Good!  Accounting is a hot field!

The Bureau of Labor Statistics is projecting an additional 142,400 accounting related jobs by the year 2024!

The bottom line with Accounting is that you will have an incredible amount of opportunity whether you want a standard accounting job or a HIGHLY paid advanced accounting career!  We outline below important statistics, but we also introduce various tracks you can go down with an accounting degree and career.

Accounting Salary Information



Median Pay:  $67,190 (per Bureau of Labor Statistics)

What You Can Expect Right After College:  So, here’s the deal!  There are literally thousands of tracks you can go down with accounting.  We will outline the most common.

Big-4 Public Accounting Firm (Audit & Tax):  Expect Around $55,000 (7 – 12% Raises)

Regional Public Accounting Firm (Audit & Tax):  Expect Around $45,000

Big-4 Public Accounting Firm (Systems):  Expect Around $60,000

Big-4 Public Accounting Firm (Advisory):  Expect Around $60,000

Large Public or Private Company:  Expect Around $50,000

Small Public Company:  Expect Around $40,000

Small Private Company:  Expect Around $35,000

What You Can Expect After 5 Years:  For those that go with a Big-4 or large regional public accounting firm, you can expect to have opportunities that range in salary from $90,000 – $115,000.  For everybody else, you can generally expect opportunities that range in salary from $50,000 – $75,000.

What You Can Expect After 10 Years:  This is where things really begin to heat up.  For those that go with a Big-4 or large regional public accounting firm, you will likely be making around $120,000 – $145,000 within a public accounting firm.  However, you will have extremely lucrative opportunities at both public and private companies depending on your area of expertise.  Jobs such as Senior Manager of Financial Reporting, Director of Internal Audit, Controller, Chief Financial Officer are all jobs that you will most likely be qualified for.  Realistically, you should expect salary ranges of $145,000 – $165,000.  However, you most likely will receive annual bonuses that can range from $10,000 to $50,000.

What You Can Expect After 15 Years:  This is the point where most are beginning to make partner within a public accounting firm and/or they are reaching executive levels within the public or private company they work at.  It really depends what company you work for, but if you had been a high performer within a large public accounting company you could expect salaries to range from $165,000 – $250,000.  Keep in mind that it’s the best of the best that reach the top end of the salary range.  There are accountants at the 15 year mark that are a few years away from making $500,000 or more per year, but remember that these are the absolute top performers and not everybody should expect to ever reach these top end salary points.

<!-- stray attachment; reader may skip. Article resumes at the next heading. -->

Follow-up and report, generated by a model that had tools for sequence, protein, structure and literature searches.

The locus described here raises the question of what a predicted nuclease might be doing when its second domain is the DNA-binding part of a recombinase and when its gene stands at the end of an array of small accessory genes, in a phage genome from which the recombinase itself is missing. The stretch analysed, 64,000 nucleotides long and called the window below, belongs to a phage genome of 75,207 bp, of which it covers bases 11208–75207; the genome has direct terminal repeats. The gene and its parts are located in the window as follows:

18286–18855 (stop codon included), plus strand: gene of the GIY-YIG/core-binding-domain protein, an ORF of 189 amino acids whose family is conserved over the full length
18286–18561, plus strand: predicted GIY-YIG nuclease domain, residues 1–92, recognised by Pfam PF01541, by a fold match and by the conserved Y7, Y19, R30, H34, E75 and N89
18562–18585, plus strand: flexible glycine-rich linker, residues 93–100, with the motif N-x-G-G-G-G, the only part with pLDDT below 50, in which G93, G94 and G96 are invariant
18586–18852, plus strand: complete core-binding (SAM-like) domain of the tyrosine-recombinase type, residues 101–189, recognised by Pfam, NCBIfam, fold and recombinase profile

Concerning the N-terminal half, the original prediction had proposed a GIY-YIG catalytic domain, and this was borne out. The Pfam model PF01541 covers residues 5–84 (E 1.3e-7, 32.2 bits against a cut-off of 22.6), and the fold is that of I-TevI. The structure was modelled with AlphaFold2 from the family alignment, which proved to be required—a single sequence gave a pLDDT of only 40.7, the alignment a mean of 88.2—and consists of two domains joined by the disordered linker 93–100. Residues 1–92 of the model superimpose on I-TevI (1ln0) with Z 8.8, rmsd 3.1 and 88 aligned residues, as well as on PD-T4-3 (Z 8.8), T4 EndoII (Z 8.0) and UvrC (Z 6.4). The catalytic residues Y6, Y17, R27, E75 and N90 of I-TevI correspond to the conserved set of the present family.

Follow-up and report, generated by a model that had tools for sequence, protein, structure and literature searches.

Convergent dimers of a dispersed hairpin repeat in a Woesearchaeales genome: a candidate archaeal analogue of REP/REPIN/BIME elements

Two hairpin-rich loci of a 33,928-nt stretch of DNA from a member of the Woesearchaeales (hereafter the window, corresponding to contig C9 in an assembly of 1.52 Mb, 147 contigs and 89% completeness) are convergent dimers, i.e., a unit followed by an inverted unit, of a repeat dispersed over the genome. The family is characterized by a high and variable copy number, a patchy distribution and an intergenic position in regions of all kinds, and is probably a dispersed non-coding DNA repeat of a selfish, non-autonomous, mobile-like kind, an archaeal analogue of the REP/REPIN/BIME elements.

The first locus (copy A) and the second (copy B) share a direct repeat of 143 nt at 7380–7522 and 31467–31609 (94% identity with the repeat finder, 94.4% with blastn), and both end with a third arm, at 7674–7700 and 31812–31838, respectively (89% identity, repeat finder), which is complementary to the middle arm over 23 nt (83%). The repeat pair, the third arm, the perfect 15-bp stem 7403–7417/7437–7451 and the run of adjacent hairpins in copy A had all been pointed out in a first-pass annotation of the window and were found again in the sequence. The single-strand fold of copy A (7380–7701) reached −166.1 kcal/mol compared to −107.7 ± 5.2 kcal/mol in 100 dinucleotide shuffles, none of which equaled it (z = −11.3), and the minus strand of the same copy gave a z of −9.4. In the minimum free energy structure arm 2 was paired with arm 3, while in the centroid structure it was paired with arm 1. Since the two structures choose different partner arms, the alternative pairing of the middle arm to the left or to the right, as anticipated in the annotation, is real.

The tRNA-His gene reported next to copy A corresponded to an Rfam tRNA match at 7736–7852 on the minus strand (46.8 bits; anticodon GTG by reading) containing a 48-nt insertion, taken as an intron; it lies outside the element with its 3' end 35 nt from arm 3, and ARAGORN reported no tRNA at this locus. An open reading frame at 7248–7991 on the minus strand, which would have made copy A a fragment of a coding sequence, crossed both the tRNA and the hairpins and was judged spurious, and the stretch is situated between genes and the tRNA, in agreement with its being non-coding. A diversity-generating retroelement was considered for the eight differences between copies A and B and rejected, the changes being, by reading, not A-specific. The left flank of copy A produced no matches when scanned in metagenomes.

What Accountants Do



From a general and high level perspective, public and private company accountants prepare the company financial statements and ensure they are accurate.  Whereas, external auditors have a duty of examining the financial statements to ensure they are accurate.  Below we provide a more in-depth discussion of the most common accounting jobs.

Public & Private Company Accountants:

  1. General Accountant (i.e. Payroll or Accounts Receivable Specialist) – These general accounting roles typically just require an accounting bachelor of science degree.  On a day-to-day basis these people are processing payments, orders, etc.  It’s also their duty to input information into the accounting system and ensure it’s accurately entered.  Additionally, they perform monthly reconciliations and process all other routine reports necessary for the month end close.  If you like routine and are a detailed oriented person, then this type of job might be for you.  You should know though that there isn’t a lot of upward opportunity if you go down this accounting path.
  2. Controller – A controller is somebody who managers all the general accountants and oversees the financial reporting department. The controller is typically one level below the Chief Financial Officer and they wear a lot of ‘hats.’  The controller at a small private company is also responsible for the financial reporting process, which incorporates compiling the financial statements.  Whereas, a controller at a large public company typically has a financial reporting department that handles the financial statement duties.  A controller spends a lot of time reviewing and signing off on transactions as well as monthly reports.  The controller must also have a strong understand of Generally Accepted Accounting Principles (GAAP).  Controllers typically start their career working for a relatively large public accounting firm, and then they make the jump to industry, which is either a public or private company.  With that, most controllers are CPA’s.  If being a controller is a something you are thinking about, then we highly recommend getting your CPA.